Inuit teach Ottawa students about northern food and games
Ottawa museum presents annual Arctic festival, with a food theme this year
OTTAWA — “Isn’t it hard to get a whale from the ocean to your house?”
A Grade 3 boy from St. Patrick School in Ottawa is sitting in a room full of his classmates, addressing his question to Allison Zakal, the High School Bridging the Gap program coordinator at the Ottawa Inuit Children’s Centre.
Her face lights up with a broad smile.
“Yes, it’s true,” says Zakal, dressed in an amautit and wearing kamiks passed down from her grandfather. “It takes a whole team of people to do it.”
For a couple of days this week, she and her colleague Jasmine Doig, are presenting workshops on northern food security to school groups as part of the Canadian Museum of Nature’s annual Arctic festival.
The theme of this year’s festival, which runs April 3 to April 7, is Edible Arctic so many of the exhibits, performances and events are related to food.
Zakal, originally from Pangnirtung, has a number of show-and-tell props at the front of the room including animal skins and items made from skins, bones, antlers and baleen, including jewelry, games and toys. She passes them around.
“Why do you hunt for those animals?” asks one little girl.
“We hunt because it’s very, very expensive to buy food in the North,” Zakal says before offering some examples of food prices in Grise Fiord. Their eyes grow wide and parent chaperones shake their heads.
Zakal spent about a half hour explaining how Inuit hunt for food — sometimes using traditional tools made from the body parts of animals they harvest and sometimes using snowmobiles and guns — and how they make use of the different body parts.
Using vegetable oil and cattails for a wick, she demonstrated how Inuit used the qulliq for light, warmth and even for cooking.
“Inuit do not have a lot of ceremonies but this one is very valuable to us,” she said, lighting the oil lamp with a lighter. “It’s very calming.”
After the formal part of the workshop ended, she faced a sea of hands and a lot of curious questions.
“Why don’t you eat the beluga?”
“Is dog breeder the most important job?”
“Do tattoos hurt?”
Zakal patiently answered each one and said afterward she enjoys sharing her knowledge about country foods and how important they are for nutrition, for preserving culture and also for allowing Inuit to eat healthy food without going broke.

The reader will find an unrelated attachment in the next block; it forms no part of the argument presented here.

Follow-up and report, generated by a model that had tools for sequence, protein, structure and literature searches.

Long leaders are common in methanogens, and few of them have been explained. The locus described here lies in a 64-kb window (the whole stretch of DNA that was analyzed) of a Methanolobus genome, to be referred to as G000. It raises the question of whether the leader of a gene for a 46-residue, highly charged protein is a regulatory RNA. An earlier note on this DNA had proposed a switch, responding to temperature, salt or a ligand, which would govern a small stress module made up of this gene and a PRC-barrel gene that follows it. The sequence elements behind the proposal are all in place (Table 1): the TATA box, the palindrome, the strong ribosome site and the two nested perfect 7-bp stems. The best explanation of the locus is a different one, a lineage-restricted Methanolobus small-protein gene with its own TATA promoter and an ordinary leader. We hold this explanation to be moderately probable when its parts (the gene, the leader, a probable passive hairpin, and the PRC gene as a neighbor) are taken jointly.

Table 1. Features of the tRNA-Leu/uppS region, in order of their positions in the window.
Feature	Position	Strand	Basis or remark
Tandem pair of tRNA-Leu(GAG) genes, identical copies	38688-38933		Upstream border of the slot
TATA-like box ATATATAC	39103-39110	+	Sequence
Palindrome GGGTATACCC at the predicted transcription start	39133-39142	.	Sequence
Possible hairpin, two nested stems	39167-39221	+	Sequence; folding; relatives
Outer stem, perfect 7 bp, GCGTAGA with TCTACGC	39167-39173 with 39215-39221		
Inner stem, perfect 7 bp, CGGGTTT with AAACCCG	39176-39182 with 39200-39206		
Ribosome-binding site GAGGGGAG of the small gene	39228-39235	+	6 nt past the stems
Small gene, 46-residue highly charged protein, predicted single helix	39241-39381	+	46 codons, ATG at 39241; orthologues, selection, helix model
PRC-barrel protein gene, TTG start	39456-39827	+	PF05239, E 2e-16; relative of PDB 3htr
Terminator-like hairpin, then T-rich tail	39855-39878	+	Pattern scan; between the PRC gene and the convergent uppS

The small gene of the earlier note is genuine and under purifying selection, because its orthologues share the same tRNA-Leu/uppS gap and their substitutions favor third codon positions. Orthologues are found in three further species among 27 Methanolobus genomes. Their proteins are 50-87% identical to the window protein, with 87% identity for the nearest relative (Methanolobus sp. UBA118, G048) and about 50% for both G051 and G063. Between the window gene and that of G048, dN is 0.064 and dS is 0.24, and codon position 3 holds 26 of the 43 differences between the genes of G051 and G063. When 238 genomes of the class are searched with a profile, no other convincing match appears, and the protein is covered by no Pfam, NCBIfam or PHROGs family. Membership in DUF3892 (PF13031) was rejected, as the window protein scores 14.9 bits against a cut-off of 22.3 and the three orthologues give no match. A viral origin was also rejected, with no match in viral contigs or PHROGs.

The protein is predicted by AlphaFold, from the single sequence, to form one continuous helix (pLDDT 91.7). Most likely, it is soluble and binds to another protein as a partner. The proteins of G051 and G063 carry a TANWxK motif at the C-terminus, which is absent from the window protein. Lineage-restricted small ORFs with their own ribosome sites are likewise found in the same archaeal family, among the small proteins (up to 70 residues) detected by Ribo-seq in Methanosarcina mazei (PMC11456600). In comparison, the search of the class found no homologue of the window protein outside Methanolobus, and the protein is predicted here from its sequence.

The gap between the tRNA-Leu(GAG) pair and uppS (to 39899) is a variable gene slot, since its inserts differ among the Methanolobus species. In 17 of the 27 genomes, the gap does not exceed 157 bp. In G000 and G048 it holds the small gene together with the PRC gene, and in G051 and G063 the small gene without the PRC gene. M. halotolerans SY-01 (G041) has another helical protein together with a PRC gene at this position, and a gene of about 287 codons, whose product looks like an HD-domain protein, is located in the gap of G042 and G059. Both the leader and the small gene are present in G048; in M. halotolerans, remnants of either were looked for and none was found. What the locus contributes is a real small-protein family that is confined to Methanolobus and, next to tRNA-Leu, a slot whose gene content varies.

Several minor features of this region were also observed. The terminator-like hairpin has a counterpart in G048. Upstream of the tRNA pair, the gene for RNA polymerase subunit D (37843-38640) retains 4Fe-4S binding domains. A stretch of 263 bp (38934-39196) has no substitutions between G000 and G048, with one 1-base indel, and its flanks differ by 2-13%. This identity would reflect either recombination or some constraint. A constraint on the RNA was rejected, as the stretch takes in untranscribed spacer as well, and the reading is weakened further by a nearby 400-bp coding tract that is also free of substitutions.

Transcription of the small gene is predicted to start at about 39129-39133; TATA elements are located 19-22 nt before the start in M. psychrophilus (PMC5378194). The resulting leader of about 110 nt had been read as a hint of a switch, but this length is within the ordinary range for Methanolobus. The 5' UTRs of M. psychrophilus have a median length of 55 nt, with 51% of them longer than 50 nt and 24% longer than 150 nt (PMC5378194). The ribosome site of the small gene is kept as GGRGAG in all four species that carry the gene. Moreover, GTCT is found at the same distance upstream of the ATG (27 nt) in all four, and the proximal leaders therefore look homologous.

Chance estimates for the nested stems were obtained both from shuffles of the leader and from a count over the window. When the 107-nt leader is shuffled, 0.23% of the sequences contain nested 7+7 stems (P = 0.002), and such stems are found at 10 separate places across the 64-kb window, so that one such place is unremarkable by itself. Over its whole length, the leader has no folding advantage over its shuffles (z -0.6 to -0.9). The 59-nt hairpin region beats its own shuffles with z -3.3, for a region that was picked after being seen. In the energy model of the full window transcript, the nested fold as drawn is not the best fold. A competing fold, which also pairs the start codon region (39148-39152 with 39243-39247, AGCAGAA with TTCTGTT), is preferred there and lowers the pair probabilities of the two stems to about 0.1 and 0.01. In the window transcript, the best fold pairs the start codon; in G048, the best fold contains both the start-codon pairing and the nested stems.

Up a few floors, in the museum’s salon, a group of Nunavut Sivuniksavut students entertained Grade 3 students from Bayview Public School with their prowess in Inuit games.
Ipellie Ootoova offered a brief introduction, telling parents, teachers and children that the games of strength and coordination were a fun way to while away the hours on the land but also served to keep Inuit in shape for the rigors of outdoor living, travelling and hunting.
The games demonstration was a huge hit. What better way to hold the attention of a roomful of eight- and nine-year-olds than to show them the face pull, the knuckle hop and the one-foot high-kick?
Even better, the NS students then invited the children to try all the different games. The room quickly erupted with shouts and laughter.
“I thought it was amazing,” said Candice Metallic, mother of Cayden Metallic-Janvier, who excelled in leg wrestling.
She was impressed how Inuit used nothing but their bodies and their imagination to invent these games, and how they built the strength and endurance they needed to live on the land.
“It’s a totally different landscape,” she said of the North. “It’s a different reality of what urban people are used to.”
The festival continues on into the weekend with demonstrations from Arctic researchers, an Arctic animal and plant scavenger hunt, Inuit cultural performances as well as craft and food fairs.
Visitors can also see an exhibit of photographs by Barry Pottle, an Inuk photographer from Rigolet, Nunatsiavut.
His “Foodland Security” exhibit features images he captured of urban Inuit in Ottawa procuring, preparing and enjoying country foods in the city.
The museum’s main event takes place Saturday, April 5 at 7 p.m. with the Ottawa premiere of The Wings of Johnny May, a documentary by Marc Fafard on Canada’s first Inuit bush pilot.
Both Fafard and May, who is still an active pilot, will be on hand to take questions from the audience following the show.
The Inuit Tapiriit Kanatami is holding their annual A Taste of the Arctic extravaganza of food and entertainment at the National Arts Centre in Ottawa on April 7 in conjunction with the Edible Arctic.
The event features a smorgasbord of Arctic foods and beverages as well as a fur fashion show and musical entertainment. Tickets are $199 and can be purchased online here.